Strategy is a word few people truly understand. The military uses intelligence to determine how to approach a problem – how to think about it. In his new book Living On The Top Line, Joe Capillo uses the best research and intelligence available for the furniture industry to tell what the lady (Ms. Jones) says she wants, and what’s keeping her from getting it.
Joe describes what he calls the new retail reality that includes how Ms. Jones chooses to engage with the furniture industry. He explains the importance of creating an online presence and the necessity of a seamless relationship from the web to the store – particularly for local independents.
Joe also tackles the difficulties of bringing fundamental change that will truly stick and transform organizations into a high-performance company. The process he describes is “effective and remembered by everyone I ever used it with,” according to Joe. It’s a great way to hold any decision-making meeting among managers (or anyone else for that matter), so that everyone feels involved and can see the structure of the final outcome.
Because Joe addresses the challenges of change and strategy, you will understand his teaching on how to structure a selling system – deliberate things your employees do when dealing with your customers – around this information. He advises owners to not leave their fortunes and futures up to other people whose agenda may or may not match their own.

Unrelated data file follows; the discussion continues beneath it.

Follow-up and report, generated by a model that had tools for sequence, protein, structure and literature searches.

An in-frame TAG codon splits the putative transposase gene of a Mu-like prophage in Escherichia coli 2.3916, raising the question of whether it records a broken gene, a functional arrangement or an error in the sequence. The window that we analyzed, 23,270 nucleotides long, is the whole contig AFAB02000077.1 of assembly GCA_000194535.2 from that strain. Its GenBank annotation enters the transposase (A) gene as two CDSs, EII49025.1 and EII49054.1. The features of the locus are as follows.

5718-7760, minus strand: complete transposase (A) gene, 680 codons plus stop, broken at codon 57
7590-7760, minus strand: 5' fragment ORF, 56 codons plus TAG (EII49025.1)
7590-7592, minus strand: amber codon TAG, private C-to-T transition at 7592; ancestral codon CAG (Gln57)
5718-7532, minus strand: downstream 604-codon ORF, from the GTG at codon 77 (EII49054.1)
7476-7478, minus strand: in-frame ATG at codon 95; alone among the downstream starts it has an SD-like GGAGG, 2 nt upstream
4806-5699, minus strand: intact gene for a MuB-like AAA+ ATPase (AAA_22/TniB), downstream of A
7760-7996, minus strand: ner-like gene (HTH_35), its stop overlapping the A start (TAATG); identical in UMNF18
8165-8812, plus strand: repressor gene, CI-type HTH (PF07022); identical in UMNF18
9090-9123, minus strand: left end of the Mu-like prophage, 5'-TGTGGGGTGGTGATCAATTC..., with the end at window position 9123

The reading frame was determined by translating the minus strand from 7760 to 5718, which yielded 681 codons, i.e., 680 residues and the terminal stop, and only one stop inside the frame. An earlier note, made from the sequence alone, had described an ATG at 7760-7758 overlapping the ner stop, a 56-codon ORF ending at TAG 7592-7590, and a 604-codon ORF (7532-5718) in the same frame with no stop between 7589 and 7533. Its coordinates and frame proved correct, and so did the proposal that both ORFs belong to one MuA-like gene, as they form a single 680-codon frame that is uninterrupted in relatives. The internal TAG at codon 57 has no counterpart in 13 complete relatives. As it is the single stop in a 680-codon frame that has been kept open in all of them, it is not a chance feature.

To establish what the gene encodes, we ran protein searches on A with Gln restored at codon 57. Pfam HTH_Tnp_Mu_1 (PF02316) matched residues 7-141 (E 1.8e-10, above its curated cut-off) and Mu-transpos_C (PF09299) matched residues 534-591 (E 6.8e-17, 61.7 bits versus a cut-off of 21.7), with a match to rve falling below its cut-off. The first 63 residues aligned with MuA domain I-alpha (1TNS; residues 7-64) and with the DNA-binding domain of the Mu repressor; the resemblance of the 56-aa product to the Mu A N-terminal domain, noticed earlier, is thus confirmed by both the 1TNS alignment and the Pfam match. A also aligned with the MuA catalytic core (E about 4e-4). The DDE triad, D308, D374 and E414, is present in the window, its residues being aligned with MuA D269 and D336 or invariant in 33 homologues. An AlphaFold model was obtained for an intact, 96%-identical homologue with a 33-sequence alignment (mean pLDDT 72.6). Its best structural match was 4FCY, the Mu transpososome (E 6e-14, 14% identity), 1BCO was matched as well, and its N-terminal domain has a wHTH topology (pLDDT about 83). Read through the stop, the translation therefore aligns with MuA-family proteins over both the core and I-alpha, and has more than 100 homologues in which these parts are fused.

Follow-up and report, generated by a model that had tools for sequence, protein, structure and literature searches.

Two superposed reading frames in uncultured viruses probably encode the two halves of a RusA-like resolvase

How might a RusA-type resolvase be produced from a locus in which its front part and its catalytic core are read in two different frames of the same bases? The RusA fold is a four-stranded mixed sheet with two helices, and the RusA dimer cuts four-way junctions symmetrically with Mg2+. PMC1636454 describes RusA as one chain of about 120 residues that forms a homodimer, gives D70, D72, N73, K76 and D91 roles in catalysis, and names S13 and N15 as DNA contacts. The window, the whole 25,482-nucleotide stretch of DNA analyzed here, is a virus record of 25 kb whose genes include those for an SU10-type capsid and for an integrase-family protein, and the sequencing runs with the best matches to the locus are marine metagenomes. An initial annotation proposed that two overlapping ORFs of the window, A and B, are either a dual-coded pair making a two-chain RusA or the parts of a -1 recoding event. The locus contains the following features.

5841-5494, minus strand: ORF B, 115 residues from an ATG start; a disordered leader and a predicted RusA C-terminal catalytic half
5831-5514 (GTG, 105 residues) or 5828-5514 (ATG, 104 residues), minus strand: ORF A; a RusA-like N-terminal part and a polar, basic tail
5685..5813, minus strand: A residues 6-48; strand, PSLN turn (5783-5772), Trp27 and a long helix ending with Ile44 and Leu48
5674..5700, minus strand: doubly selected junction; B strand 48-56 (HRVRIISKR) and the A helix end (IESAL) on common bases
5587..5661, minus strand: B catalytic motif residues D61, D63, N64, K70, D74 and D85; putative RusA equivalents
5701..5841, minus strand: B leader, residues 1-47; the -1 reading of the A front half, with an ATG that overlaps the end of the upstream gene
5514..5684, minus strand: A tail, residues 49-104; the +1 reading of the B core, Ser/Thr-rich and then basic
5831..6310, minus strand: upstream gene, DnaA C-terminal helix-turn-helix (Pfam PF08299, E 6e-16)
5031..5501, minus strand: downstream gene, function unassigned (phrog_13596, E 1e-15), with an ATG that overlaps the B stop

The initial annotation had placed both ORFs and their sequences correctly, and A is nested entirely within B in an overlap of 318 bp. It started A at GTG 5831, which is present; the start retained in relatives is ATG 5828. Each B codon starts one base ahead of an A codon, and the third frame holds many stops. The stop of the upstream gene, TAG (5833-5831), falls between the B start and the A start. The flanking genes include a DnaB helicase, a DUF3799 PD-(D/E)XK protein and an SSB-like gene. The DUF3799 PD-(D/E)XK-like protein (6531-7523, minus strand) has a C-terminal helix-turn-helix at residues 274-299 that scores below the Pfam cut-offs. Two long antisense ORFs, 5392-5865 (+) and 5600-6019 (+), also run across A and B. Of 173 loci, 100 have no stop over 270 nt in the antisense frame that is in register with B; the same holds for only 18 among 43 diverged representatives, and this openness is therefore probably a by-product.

Joe explains his fundamental principle that our business is not, and never has been, about furniture – it is about rooms, homes, and families. Therefore, by addressing these concerns, true connection between a retailer and a consumer is established. But, the “retailer” is the salesperson – who usually faces the consumer all alone, one-on-one, with no “team,” no manager, no owner.
This point-or-contact is the moment of truth for all furniture retailers. Joe takes the reader through a complete explanation of room planning, in-home selling, etc. This interaction leads to stronger consumer relationships for the relational types, and perhaps even for the transactional buyer when dealing with a relational type of product that can require a lot of consultation and advice.
Finally, he talks the management of all this stuff – particularly the people. Managing the range of performance in larger groups is not understood by most owners and managers, according to Joe, who also says retailers don’t know enough about their businesses until they know the number of customers who come through their doors. He addresses all the metrics in detail and explains how to use them in daily management.
Operating metrics you don’t use to manage are useless, but you can’t forget the people side, so Joe’s theory of one-to-one management is to bring people to their goals – to bring them beyond the limits they place on themselves by letting the past dictate the future.